First published in 1990, "Chemical Dependency and the African American "is revised and expanded to reflect updated statistics and the latest information in the treatment field. An expert on the topic of how cultural differences affect addiction treatment, Peter Bell, makes the decisive case that there is room in the disease theory of addiction to accommodate racial issues--not as causal factors, but as contributive.
Intrinsic to the holistic approach to addiction treatment, which addresses the individual's physical, mental, emotional, and physical health, are issues of race, culture, and class, says Bell. Unfortunately, these issues are largely ignored in the counselor-client setting. This leading text provides counselors with the framework for critical dialogue.
Features a thorough discussion of the African American perspective toward addiction treatment explores the dynamics of race, culture, and class in treatment and recovery addresses specific racial identity/recovery issues a leading, valuable resource for counselors and therapists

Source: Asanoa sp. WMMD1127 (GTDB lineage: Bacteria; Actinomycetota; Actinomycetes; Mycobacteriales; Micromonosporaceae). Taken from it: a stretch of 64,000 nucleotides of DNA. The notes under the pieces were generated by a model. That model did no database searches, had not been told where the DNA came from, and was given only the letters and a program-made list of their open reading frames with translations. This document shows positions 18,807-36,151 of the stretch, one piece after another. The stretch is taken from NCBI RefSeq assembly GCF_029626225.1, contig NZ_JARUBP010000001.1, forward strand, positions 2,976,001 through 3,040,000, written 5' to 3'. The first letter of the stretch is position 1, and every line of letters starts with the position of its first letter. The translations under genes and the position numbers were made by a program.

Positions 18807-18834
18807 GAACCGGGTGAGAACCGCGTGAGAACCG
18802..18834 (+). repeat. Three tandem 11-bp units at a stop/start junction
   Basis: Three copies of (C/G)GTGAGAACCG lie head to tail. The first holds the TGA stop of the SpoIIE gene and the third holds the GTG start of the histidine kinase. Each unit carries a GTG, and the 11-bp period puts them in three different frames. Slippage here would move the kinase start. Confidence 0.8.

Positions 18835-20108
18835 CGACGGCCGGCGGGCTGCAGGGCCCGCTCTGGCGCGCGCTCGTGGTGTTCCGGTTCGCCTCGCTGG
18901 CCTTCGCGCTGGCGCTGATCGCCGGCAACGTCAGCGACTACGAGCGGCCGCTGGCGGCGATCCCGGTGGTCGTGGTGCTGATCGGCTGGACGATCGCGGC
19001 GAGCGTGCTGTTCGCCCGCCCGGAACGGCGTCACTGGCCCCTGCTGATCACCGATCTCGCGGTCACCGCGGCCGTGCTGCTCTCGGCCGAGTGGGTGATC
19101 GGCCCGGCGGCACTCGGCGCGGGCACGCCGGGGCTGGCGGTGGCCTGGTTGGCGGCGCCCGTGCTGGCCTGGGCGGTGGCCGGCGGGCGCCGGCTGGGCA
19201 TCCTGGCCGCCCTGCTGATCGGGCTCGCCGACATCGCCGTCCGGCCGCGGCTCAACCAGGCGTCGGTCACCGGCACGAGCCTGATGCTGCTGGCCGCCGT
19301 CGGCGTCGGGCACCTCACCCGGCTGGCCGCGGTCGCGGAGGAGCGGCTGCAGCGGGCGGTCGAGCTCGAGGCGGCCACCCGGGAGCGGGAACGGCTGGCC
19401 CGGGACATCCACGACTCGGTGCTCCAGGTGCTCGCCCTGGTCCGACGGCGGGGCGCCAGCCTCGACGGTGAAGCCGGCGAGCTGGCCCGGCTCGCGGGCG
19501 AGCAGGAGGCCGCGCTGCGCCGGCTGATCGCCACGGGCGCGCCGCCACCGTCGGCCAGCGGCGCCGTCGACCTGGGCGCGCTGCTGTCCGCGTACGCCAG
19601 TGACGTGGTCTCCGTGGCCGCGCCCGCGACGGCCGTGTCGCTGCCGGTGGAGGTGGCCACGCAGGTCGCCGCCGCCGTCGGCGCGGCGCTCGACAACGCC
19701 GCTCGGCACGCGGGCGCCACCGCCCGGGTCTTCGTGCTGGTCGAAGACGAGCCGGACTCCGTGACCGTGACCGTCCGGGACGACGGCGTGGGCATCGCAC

Peter Bell, executive vice president of Hazelden Publishing and Educational Services, is a nationally recognized author and trainer in the field of chemical dependency. He co-founded the Institute on Black Chemical Abuse and served as the organization's executive director for 15 years. Bell has worked as a consultant for treatment centers, schools, and government agencies, and has provided public-policy leadership on addiction issues. He lives in Minneapolis.